The workers had been part of the company’s propellant blending operation, when the building they were in disintegrated in the explosion last Monday afternoon.
The cause of the blast was still being investigated by the police, the labour department and an independent contractor.
Rheinmetall Denel Munition CEO Norbert Schulze said that he understood that residents in the area were still traumatised, and that they had to make every effort to be sensitive to heightened fears.
“The community may hear some noise resulting from the munition testing which will be carried out on our dedicated testing site and I want them to know that these sounds are normal and that they should not be alarmed,” he said.
“We are all still mourning a great loss to our community and need to support each other during this time, so as a company we are making extra efforts to be inclusive with the community about what’s going on at our site.”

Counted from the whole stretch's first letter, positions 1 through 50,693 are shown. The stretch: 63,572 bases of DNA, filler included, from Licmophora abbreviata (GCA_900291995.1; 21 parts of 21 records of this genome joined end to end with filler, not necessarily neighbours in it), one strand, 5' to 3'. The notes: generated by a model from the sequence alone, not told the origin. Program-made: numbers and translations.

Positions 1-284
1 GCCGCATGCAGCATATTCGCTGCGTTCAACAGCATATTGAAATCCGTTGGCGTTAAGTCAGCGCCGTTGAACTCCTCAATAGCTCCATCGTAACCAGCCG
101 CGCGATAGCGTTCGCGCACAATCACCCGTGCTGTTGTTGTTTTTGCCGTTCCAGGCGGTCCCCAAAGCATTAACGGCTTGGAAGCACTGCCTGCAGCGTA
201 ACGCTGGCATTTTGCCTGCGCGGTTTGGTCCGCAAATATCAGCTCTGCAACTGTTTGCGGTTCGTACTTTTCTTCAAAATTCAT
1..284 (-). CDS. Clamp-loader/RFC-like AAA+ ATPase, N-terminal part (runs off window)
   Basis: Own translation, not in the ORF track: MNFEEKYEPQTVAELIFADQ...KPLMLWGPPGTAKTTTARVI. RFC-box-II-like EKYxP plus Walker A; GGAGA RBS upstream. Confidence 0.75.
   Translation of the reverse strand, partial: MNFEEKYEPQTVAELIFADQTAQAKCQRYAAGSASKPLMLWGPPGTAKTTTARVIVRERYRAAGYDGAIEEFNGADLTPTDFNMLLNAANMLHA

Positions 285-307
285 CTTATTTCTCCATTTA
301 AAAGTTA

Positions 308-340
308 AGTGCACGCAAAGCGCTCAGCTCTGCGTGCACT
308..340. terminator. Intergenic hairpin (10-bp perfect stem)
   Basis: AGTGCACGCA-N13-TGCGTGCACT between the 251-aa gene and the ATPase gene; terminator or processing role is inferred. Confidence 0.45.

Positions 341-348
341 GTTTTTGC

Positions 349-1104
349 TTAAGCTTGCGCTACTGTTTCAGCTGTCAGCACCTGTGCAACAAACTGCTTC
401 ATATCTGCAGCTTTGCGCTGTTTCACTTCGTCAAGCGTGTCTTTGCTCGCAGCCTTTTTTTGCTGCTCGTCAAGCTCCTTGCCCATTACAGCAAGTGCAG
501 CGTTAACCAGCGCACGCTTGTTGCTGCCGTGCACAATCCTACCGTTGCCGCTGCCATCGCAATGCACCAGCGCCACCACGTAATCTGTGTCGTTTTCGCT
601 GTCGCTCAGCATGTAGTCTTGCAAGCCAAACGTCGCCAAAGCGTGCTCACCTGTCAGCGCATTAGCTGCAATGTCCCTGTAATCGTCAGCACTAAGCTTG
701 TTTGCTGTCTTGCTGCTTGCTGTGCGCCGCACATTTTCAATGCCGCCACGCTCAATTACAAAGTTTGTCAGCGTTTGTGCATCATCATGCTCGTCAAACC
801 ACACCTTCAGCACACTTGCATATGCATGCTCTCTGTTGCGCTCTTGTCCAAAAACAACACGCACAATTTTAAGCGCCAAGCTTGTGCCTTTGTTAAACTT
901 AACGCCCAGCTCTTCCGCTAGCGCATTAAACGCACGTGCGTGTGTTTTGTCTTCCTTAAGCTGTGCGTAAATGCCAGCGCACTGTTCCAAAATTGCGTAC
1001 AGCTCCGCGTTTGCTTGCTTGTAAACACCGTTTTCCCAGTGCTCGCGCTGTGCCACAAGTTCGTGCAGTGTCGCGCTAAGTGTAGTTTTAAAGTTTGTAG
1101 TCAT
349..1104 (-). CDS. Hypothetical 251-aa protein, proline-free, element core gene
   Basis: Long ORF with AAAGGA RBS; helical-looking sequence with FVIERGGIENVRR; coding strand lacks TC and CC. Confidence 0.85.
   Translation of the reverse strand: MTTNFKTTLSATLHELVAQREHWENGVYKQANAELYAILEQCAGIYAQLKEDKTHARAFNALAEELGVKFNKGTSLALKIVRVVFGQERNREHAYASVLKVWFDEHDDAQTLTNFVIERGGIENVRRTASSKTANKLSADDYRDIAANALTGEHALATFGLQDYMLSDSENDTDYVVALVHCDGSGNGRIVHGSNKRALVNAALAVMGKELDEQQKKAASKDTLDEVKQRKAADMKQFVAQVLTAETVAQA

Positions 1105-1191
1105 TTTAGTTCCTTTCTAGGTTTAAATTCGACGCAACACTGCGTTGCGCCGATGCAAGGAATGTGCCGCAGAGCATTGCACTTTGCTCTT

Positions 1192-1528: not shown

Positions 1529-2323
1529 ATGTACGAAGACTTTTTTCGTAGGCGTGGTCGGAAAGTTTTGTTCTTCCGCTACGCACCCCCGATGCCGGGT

He said the names of those who had died would only be released once the identification process was completed and after consultation with the affected families.
The company is a partnership between Rheinmetall and Denel, established in 2008, with Rheinmetall holding a 51% share and Denel being the minority shareholder with 49%.
State Security Minister Dipuo Letsatsi-Duba and Public Enterprises Minister Pravin Gordhan last week visited the National Key Point to be briefed and to offer their condolences.
“There are various scenarios and the investigation process will explore each possibility,” Gordhan said after his visit last week.
A long row of flowers lined the front wall of the company as people paid their respects during Gordhan’s visit.